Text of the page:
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Last missing hiker found dead in Zion National Park flooding

ZION NATIONAL PARK, Utah ---The death toll from flash floods that ripped through southern Utah reached 19 on Thursday after searchers found the final body from a group of seven hikers that were trapped in a narrow canyon in Zion National Park.

Washington County sheriff's Detective Nate Abbott confirmed the death Thursday as crews dropped into Keyhole Canyon.

The bodies of three men and one woman were found Tuesday, and two other bodies were found Wednesday.

The group of seven people in their 40s and 50s from California and Nevada set out Monday, before park officials closed canyons due to flooding.

They were identified Thursday as Mark MacKenzie, 56, of Valencia, Calif.; Linda Arthur, 57, of Camarillo, Calif.; Steve Arthur, 58, of Camarillo, Calif.; Gary Favela, 51, of Rancho Cucamonga, Calif.; Ton Teichner, 55, of Mesquite, Nev.; Muku Reynolds, 59, of Chino, Calif.; and Robin Brum, 53, of Camarillo, Calif.

Search continues after major floods in Utah 01:30

Park rangers say the group was told about the danger of flash flooding before they entered the canyon, but there was no way to warn them once the fast-moving waters began to rise. Rangers say they don't judge visitors' technical ability and let them decide whether to go.

The flood marked one of the deadliest weather-related disasters at a national park in recent history, park service officials said. It evoked memories of a 1997 incident near Page, Arizona, where 11 hikers died after a wall of water from a rainstorm miles upstream thundered through Lower Antelope Canyon, a narrow, twisting series of corkscrew-curved walls located on Navajo land.

The Ventura County Sheriff's Office in California said late Wednesday that one of its sergeants, Steve Arthur, died in the flooding and was positively identified, reports CBS Salt Lake City affiliate KUTV. The department also said Arthur's wife, Linda, was with him and was still missing.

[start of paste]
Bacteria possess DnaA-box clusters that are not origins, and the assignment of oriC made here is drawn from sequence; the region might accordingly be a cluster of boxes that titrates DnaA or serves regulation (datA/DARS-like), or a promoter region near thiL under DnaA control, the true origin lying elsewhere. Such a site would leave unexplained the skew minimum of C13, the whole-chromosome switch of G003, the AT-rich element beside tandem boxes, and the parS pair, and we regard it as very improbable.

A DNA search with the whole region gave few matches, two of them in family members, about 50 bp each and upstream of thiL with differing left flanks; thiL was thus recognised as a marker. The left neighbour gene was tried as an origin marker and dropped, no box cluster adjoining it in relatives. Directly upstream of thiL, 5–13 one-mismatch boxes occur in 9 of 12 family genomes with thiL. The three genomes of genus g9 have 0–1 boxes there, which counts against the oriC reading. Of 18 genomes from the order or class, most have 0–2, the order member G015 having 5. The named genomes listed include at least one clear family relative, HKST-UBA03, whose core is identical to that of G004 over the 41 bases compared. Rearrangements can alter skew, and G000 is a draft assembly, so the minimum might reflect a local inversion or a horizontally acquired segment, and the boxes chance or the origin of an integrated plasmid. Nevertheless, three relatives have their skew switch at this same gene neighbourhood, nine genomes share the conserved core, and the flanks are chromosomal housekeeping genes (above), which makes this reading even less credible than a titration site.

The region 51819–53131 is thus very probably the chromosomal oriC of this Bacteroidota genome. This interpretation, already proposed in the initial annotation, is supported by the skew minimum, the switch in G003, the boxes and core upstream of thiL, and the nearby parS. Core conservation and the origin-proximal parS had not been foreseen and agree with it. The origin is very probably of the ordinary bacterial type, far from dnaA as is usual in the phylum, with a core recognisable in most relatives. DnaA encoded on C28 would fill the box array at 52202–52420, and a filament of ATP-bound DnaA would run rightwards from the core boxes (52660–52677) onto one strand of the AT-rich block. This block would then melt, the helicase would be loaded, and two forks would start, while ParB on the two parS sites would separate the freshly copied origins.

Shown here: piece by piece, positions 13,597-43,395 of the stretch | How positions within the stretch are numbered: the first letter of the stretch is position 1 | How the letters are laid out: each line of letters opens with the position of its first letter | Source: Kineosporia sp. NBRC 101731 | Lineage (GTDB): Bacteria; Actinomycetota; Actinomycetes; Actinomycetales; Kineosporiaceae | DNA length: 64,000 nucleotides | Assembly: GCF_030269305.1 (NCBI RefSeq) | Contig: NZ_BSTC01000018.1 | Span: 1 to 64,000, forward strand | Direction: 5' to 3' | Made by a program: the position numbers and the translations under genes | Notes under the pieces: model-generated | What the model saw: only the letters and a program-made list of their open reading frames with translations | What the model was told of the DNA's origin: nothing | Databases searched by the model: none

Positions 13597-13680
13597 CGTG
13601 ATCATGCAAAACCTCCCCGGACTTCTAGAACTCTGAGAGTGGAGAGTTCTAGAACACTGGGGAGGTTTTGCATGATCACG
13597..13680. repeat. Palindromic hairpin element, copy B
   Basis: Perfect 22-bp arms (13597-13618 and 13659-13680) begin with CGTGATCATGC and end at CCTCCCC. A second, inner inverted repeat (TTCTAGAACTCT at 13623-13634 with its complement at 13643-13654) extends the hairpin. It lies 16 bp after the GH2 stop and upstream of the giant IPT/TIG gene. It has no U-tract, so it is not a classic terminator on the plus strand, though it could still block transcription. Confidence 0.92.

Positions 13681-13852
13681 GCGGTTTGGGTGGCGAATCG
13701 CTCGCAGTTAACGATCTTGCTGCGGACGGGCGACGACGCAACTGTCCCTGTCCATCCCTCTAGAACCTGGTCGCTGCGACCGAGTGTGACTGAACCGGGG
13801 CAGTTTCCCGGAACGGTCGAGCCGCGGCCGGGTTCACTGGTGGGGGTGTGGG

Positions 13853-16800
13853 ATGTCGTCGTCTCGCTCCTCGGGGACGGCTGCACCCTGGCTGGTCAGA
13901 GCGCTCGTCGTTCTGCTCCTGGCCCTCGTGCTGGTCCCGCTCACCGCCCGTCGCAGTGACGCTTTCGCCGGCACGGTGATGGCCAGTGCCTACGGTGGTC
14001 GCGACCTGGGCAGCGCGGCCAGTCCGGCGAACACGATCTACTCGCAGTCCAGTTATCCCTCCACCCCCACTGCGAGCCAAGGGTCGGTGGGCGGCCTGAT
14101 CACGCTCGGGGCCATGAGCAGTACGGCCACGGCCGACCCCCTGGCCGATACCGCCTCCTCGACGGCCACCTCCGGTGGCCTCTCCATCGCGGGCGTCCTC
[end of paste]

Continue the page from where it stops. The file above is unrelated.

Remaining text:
"Steve was known for his tireless efforts working with local youth both on and off duty and possessed a huge compassion for humanity," the sheriff's office said in a statement. "Steve is survived by his three adult children and seven grandchildren."

Outdoor enthusiasts are attracted to slot canyons by what Allen calls "eye candy" created by nature. Water flows through cracks in the earth and gradually erodes the sandstone underneath, leaving caverns narrow enough for hikers to touch the sides when they stretch out their arms.

Adventure-seekers also get a rush from the combination of rock climbing, swimming, hiking and cave exploration, all in a setting totally different from the surrounding desert, Allen said.

The Keyhole Canyon at Zion in southern Utah where the hikers were killed is what canyoneers call a "rap and swim" canyon, full of a series of drops where hikers rappel down into pools of water, Allen said. It's considered an entry-level canyon for people who have some experience but are still new to the sport.

Zion spokeswoman Aly Baltrus said some members of the group were new to canyoneering, but they took a class to prepare.

Park rangers regularly warn hikers that flash flooding during monsoon season can turn southern Utah's beautiful canyons into deadly channels of fast-moving water and debris. But dozens of adventure-seekers go anyway.

This group was already in the canyon when a flash flood warning led park officials to announce they were closing their canyons. By that time, park officials say, there was no way to alert them to the violent floodwaters coming their way.

"Ninety percent of Zion is wilderness," park ranger Therese Picard said. "It is not possible to contact everyone."

The deadly events at Zion happened at the same time flash floods tore through a small community on the Utah-Arizona border just south of the park, leaving at least 12 people dead who were in two cars swept downstream.

One of the children who survived told an official he escaped by cutting through an air bag, climbing out a window and jumping off the roof of a vehicle.

Utah Lt. Gov. Spencer Cox, who traveled to the community of Hildale, told The Associated Press that the boy appeared traumatized when he met with him briefly Tuesday.

Cox says the boy he spoke with "was still very shaken, as you can imagine, because it was a little surreal to him and everyone."

Cox says the boy's mother and several siblings died in the flooding.

Three survived, including the boy, and one child remains missing.

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